The X4 H107L has been a fairly popular mini-drone in the last several years. It’s a small drone that is designed for indoor flight. The controls of the X4 H107L are impressively precise and responsive, making it easy to maneuver even as it hits it top speed. It comes with a dedicated controller that can communicate with the drone up to 30 meters away. We have to stress that this is a really fast drone – flying it outside can be really fun, given that there isn’t much wind. Given that, the X4 H107L does not offer anything more than the pure entertainment of flying a small and fast drone.
The H170 Predator is a mini-drone that seems to be designed for maximum durability. It comes with a hard-plastic body, built-in propeller guards, and a springy landing gear. It can do the usual toy drone tricks, such as flips and barrel rolls. It also features a headless navigation mode that makes it easier to fly for beginners, as well as gyroscope technology to help keep it stable. There’s nothing too complex about this drone. It’s so simple that a kid could fly it, which is probably the entire point.
If there was a drone that introduced Holy Stone into the mainstream, then it’s the F181. This mini-drone has a body made of hard ABS plastic, and it comes with built-in propeller guards. The selling point of the F181 (at least, at the time of its release) was its mounted 2MP camera that can record 720p camera at 30 fps. While the camera was far from being impressive, it was a nice addition to such an inexpensive and small toy drone. However, it does not have FPV capabilities, so you will end up taking photos and videos blindly. This is a fun little drone that flies for up to 9 minutes in a single battery cycle. As a gift for children or any drone beginner, the F181 should be an excellent choice.
The X400W is an inexpensive drone that has features found mostly in its more expensive counterparts. It ticks off all the usual features of toy drones: headless mode, one-key tricks, 6-axis gyroscope, and propeller guards for indoor flight. It has an onboard camera that can record 720p video at 30 fps. An FPV function can be accessed by connecting a mobile device to the dedicated controller that comes with the drone. The battery gives about 8 minutes of flight time, and the maximum transmitter range is a surprising 100 meters. Coming from a lesser known brand does not hurt the X400W at all – it delivers on all fronts, and at a fraction of the cost of other toy drones.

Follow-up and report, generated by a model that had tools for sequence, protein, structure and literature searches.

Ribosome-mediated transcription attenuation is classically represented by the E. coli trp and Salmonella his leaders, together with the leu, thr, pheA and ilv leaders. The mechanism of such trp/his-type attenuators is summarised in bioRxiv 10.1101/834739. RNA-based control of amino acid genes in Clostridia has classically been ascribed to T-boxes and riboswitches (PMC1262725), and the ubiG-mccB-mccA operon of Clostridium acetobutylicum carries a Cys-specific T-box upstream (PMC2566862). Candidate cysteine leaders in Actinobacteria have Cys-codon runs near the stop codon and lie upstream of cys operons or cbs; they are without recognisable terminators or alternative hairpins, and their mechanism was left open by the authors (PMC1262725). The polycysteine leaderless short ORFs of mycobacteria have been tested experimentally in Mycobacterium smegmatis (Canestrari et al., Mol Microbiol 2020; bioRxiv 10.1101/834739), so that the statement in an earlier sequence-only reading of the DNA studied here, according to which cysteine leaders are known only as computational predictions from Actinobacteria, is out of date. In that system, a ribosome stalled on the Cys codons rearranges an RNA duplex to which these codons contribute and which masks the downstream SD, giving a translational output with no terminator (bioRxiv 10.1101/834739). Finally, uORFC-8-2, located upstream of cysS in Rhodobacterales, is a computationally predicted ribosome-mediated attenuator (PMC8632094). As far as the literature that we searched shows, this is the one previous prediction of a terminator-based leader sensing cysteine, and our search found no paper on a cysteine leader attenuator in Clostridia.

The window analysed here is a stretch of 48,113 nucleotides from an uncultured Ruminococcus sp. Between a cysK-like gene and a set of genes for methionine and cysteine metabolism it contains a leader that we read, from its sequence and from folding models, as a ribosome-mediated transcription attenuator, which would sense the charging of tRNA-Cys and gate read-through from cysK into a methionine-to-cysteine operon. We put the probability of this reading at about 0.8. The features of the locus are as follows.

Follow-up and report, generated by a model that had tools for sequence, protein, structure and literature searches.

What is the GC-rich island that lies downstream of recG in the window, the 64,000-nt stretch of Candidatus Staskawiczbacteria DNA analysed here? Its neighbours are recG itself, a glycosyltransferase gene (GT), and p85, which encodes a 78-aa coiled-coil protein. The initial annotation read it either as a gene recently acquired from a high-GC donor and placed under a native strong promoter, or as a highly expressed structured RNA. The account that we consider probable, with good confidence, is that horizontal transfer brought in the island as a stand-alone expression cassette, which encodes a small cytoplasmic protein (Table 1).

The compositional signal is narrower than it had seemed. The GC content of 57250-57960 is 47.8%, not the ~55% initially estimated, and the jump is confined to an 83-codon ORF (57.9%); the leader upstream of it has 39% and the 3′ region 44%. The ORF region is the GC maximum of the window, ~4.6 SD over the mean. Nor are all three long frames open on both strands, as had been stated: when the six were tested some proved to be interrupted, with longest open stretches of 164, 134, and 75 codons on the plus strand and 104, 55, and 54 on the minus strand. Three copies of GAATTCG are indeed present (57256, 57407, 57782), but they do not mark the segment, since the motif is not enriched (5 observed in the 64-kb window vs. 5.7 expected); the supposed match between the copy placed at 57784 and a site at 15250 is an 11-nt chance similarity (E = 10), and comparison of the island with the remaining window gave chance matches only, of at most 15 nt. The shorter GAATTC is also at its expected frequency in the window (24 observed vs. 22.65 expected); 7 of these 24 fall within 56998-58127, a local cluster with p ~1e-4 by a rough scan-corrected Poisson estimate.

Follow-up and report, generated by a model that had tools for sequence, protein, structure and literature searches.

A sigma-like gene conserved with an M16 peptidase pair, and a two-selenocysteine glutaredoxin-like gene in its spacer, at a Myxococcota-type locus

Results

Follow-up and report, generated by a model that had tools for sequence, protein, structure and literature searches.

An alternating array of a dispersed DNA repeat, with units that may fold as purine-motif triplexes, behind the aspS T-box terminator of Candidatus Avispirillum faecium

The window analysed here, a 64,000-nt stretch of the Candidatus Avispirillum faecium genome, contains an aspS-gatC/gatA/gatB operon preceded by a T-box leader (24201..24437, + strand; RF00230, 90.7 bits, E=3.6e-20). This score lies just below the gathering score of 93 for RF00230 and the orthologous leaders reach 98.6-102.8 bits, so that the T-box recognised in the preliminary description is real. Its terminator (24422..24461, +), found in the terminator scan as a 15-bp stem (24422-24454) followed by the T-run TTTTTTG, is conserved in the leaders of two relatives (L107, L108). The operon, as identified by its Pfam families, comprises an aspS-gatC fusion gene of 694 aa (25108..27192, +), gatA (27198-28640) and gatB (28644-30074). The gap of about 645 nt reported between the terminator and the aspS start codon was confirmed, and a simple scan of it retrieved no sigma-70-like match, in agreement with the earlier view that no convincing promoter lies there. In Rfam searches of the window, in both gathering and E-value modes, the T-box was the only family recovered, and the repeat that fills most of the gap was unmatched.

With a yellow bumblebee color scheme, the HASAKEE H1 Drone stands out easily. It is a very small drone with built-in propeller guards, making it quite safe for indoor use. A 6-axis gyro stabilization system makes the HASAKEE H1 easy to fly even for beginners. Surprising for a drone its size, it has FPV capabilities, with the video viewable via a mobile device mounted on its dedicated controller. That being said, it is still a toy drone with a flight time of only 6 to 7 minutes and maximum range of only 50 meters. It doesn’t have much beyond what most toy drones offer, but the HASAKEE H1 is a cute little drone that is sure to appeal to children.
The Proto X Nano lives up to its name: it’s so small that you are going to have to hold it with two fingers and nothing else. Possibly the smallest drone in the market today, the Proto X Nano is barely 6 cm in length and weighs only a little over 10 g. The dedicated controller it comes with follows suit, with a size that’s much smaller than a typical video controller. With such a small size, it’s probably meant to be flown exclusively indoors, as a slight breeze can knock it off the air. As expected, it doesn’t have much in terms of features – no camera and no programmed tricks. The Proto X Nano is just a simple and tiny drone that should give hours of solid entertainment.
13. UVify Oori
The Oori from UVify is a micro-drone that is only slight smaller than the DJI Spark but comes loaded with power and speed. Its brushless motors have been optimized for performance, allowing the Oori to travel at speeds of up to 50 mph. The Oori is very fast and agile, but also exhibits very good responsiveness to controls. Its tiny battery allows to fly for up to 15 minutes in a single charge. However, the Oori is much more expensive than most of its counterparts, perhaps making it too expensive for the toy drone market.